Diegetic HUDs and UI
A screen packed with health bars, strength gauges, waypoints, and icons can lead to lost immersion in the player. All those distractions – when overdone – can break a player’s relationship to a game’s environment. In contrast, diegetic HUD and UIs are designed to fit right into a game’s narrative, like it’s something the player character would interact with in their world. Dead Space’s ingenious decision to weave vital health and statis stats to the back of Isaac Clarke’s suit sits right up there as one of the most immersive ways games have displayed HUD information to a player.
Saved games carrying over
Back in the Dreamcast-era, Shenmue and it’ sequel featured a nifty mechanic to carry over stats and collectibles from the first game to the next, meaning all those hours practicing Ryu’s karate moves on the Dobuita Street parking lot weren’t wasted come the sequel. Plenty of modern games utilise this feature too. It’s a tricky one to get right as players who haven’t played one game might feel cheated if they’re having to start from scratch – just look at the fallout surrounding Destiny 2’s guardian data carrying over. But, for an upcoming sequel like God of War: Ragnarök, it doesn’t entirely make sense for Kratos to begin the game having lost all the skills acquired in the preceding game.
More level scaling, not just levelling up for content
Levelling up a character’s skills is one of the principal ways in which developers bestow a feeling of progress onto players. The theory is sound: the more skilled a player becomes; the more abilities unlock and the stronger their character becomes. There is, however, an expectation placed on a character’s level depending on how far they are in the game. Players might grind for XP or reach an encounter woefully underpowered. Games should make better use of level scaling, whereby the game’s content is tied to the current level of the character, ensuring the challenges faced by the player align with their current skill level.
The chance of a game’s weapon degrading or breaking outright adds an element of suspense to every encounter. Far Cry 2 and Dying Light masterfully incorporate a degrading weapons mechanic, because weapons which have potential to malfunction are tied into the world these games exist in, and endless scavenging players find themselves in. It’s a nod to realism sure, and last thing anybody wants is an ultra-realistic yet consistently misfiring weapon negatively affecting gameplay. Strike the right balance, and it’s an extra element of decision-making adding immersion to an experience.
Active Reload, as seen in Gears of War
Reloading is pretty much a one-button job done in every game. Gears of War pioneered a much more involved process of reloading which doesn’t seem to have caught on in enough games since. When reloading in Gears, players have option to tap the reload button again to attempt and active reload, which, depending on where on the scale the corresponding progress bar was tapped, has chance to dramatically increase reload speed. Of course, there’re strategic benefits to a fast reload, but an inopportunely timed active reload risks weapons jamming.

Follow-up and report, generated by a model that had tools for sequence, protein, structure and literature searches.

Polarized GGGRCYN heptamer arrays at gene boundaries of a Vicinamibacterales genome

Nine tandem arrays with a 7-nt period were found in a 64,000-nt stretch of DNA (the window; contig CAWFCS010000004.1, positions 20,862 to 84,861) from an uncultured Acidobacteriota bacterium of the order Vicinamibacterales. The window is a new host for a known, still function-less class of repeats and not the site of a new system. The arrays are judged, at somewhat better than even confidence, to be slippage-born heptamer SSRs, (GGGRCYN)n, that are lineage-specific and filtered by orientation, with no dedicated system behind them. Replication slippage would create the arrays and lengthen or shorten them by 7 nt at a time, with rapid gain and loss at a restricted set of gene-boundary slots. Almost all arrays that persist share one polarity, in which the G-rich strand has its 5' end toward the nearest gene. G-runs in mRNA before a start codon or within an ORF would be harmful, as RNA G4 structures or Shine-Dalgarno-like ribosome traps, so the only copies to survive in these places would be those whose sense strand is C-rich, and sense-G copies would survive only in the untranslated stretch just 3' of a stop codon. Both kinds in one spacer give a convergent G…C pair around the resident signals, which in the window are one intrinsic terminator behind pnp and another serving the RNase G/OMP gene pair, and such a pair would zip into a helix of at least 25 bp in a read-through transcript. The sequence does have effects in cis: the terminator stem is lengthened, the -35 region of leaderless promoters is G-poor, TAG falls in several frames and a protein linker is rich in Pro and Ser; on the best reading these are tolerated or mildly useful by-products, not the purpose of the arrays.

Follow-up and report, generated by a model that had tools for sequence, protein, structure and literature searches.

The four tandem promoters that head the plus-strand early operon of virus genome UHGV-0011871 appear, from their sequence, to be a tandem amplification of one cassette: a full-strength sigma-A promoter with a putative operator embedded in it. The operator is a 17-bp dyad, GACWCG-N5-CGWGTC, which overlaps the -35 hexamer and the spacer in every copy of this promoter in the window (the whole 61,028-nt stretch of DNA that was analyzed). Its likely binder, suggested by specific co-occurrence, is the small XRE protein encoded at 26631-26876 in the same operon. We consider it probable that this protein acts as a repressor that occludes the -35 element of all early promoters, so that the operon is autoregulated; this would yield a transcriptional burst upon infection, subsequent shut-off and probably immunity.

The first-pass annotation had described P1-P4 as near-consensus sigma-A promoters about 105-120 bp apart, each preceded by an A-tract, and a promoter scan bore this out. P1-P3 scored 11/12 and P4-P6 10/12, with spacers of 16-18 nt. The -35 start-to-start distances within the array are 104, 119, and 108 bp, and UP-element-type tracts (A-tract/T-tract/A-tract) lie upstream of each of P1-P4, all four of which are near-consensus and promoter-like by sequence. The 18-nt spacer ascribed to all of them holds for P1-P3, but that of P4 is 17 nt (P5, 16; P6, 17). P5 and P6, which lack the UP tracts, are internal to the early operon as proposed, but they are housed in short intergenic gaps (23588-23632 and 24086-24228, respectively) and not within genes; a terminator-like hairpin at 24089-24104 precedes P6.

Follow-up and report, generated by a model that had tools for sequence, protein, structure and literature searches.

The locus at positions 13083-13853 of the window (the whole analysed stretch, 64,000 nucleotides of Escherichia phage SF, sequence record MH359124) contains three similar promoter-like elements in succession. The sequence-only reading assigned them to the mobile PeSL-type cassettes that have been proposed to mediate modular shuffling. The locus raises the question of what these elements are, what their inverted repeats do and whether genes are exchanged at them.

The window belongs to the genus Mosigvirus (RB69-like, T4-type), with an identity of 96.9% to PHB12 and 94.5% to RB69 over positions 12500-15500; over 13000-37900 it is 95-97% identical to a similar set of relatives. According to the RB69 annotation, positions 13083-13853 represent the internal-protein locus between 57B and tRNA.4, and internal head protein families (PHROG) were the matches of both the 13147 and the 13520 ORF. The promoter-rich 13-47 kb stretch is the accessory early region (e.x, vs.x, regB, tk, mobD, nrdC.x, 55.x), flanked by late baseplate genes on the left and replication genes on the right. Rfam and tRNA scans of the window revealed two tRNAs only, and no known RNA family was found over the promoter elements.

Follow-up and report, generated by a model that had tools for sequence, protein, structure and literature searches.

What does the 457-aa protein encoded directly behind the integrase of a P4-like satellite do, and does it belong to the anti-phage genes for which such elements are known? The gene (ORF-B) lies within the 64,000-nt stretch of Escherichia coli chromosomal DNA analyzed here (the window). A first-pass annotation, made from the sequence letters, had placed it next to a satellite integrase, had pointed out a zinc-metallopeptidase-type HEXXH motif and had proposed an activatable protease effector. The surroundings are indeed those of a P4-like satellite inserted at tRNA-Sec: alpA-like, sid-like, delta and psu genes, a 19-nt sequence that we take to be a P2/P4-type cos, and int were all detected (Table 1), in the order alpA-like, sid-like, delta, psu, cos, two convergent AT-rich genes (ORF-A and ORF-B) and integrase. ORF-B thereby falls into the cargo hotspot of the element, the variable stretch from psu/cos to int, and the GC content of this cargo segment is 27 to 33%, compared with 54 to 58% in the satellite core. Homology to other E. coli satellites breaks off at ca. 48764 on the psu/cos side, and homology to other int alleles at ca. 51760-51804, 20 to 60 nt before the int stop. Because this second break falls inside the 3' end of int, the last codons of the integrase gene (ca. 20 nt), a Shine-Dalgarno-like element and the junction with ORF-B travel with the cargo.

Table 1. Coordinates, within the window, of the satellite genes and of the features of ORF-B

Another time-based mechanic that’d be extremely impractical to incorporate into a multiplayer experience, time reversing – whereby, you know, time can be rewound – is a much-used mechanic in racing games, offering ability to retry a tricky corner rather than have an entire race ruined. Time reversal is an often-overlooked feature in other video game genres though.
Okay, so to be fair procedurally generated levels in games are becoming more commonplace as the game maker’s toolkit becomes increasingly advanced. Rewind a decade, and FTL’s procedural generation turned up random encounters to spice up each run. Fast-forward to the modern-day and rogue-like games like Hades are rehashing entire levels with each turn or generating entire planets to explore as in No Man’s Sky. It’s a fascinating method of making each playthrough feel new. If not full-blown procedural generation, then certainly elements of procedural generation can be incorporated into most any genre.
Twin-stick control schemes
Once the darling control scheme of arcade shooters – of which, titles like Nex Machina harnessed incredibly well, and addictively – the twin stick control scheme largely exists in the shadows. Brothers: A Tale of Two Sons co-opts the twin stick mechanic, instead transplanting it into something more cerebral. The game, for those who haven’t experienced, tasks players with controlling both brothers simultaneously in wonderful solo co-op. An innovative control scheme that’d be very welcome in more games.